Tempering in the microwave
The purpose of tempering chocolate is to pre-crystallise the cocoa butter in the chocolate, which is related to the working temperature of the chocolate. During tempering, the cocoa butter in the chocolate changes into a stable crystalline form. It ensures the hardness, shrinking force and gloss of the finished product after it has cooled. If the chocolate is melted in the normal way (between 40 and 45 °C) then left to cool to working temperature, the finished product will not be glossy. If you make the effort of using a special way of bringing chocolate up to the right working temperature, you are guaranteed to get the desired end result. And that is what we mean by tempering: bringing chocolate up to the right working temperature so that there are sufficient stable crystals. The 3 factors which are important during tempering are time, temperature and movement.
Pour some Callets into a plastic or glass bowl.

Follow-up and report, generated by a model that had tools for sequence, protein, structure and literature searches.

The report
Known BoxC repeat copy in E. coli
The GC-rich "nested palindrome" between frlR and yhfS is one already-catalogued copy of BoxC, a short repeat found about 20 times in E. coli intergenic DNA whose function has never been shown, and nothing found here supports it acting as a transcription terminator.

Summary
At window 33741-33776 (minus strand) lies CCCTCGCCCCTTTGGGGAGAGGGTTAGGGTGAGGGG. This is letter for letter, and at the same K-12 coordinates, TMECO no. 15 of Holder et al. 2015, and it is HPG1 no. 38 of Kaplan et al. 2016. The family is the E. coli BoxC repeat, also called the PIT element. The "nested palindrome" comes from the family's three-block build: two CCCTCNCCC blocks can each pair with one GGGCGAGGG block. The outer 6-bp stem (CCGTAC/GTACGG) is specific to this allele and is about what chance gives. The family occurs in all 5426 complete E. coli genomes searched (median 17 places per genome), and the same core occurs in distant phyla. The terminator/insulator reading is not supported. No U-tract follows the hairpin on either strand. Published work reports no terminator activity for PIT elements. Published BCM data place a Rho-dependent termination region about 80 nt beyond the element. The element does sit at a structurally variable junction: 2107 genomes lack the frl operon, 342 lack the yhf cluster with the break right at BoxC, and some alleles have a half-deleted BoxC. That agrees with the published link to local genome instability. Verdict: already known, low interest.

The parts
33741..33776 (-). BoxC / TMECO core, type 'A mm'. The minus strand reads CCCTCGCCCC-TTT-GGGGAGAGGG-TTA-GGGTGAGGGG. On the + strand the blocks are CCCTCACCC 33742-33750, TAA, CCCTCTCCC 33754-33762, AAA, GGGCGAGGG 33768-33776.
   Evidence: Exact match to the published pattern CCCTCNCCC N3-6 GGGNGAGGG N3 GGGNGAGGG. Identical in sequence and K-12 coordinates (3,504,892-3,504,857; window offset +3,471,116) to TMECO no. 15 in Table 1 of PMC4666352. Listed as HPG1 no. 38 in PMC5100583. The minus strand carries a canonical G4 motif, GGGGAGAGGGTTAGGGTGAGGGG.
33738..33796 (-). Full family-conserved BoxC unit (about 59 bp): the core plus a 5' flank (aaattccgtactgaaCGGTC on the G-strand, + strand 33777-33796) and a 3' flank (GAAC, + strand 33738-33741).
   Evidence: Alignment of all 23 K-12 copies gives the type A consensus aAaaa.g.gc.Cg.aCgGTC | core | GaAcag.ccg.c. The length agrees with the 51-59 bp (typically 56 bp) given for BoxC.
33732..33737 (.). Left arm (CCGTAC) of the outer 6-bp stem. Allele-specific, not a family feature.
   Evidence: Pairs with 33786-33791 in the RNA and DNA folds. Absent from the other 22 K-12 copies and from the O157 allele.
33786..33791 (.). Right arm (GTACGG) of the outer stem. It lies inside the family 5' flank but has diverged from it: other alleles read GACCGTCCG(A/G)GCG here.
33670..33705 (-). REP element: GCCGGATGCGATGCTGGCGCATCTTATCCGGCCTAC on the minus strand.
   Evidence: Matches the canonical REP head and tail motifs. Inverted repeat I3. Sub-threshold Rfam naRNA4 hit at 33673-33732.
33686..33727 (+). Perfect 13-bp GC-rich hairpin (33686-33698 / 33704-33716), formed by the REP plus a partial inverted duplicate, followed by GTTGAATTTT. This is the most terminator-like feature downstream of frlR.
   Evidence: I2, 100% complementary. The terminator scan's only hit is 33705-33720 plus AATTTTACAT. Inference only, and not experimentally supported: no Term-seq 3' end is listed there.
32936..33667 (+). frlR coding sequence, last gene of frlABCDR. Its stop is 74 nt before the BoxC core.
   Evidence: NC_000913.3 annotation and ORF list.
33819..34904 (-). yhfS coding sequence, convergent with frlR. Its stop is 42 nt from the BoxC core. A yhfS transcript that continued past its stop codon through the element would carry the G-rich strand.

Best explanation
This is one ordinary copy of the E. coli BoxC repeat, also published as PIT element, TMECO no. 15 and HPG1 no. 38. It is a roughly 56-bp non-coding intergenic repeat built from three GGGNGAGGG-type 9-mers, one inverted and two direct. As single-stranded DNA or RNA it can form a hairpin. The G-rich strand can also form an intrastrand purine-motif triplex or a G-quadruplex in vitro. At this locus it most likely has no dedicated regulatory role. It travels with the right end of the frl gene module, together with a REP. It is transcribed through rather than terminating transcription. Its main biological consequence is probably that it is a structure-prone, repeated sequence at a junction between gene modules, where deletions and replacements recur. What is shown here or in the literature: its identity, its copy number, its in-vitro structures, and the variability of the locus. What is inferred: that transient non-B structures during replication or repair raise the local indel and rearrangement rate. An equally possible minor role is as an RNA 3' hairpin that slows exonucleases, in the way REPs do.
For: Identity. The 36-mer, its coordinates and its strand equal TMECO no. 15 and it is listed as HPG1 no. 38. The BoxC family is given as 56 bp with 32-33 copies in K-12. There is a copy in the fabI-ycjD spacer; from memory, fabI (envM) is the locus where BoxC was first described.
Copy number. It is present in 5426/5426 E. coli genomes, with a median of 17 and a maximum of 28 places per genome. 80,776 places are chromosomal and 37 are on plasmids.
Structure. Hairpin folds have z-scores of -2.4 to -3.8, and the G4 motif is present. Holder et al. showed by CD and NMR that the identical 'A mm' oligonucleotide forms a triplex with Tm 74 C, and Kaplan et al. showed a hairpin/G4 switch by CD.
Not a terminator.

Put the bowl into the microwave and melt the Callets at 800-1000 W.
Take the Callets out of the microwave every 15 to 20 seconds and stir well to ensure that the temperature of the Callets is evenly distributed and that they do not scorch.
Repeat this procedure until the chocolate has almost all melted. Some small pieces of Callet should still be visible in the bowl.
Remove from the microwave and stir the chocolate well, until all the pieces of Callet have disappeared and a slightly thickened even liquid has been obtained: the chocolate is tempered and ready to work with.
All chocolate should be tempered before you use it to
mould/pour, to use for creating blown figures, for coating cakes or
pralines. In short, whenever chocolate needs to have a perfect
sheen and be hard.
When you add chocolate to dishes to add flavour (when preparing mousses or Bavarian creams for instance), it usually suffices to melt the chocolate. Tempering is not required in these instances. All recipes will indicate clearly if the chocolate should be tempered or not.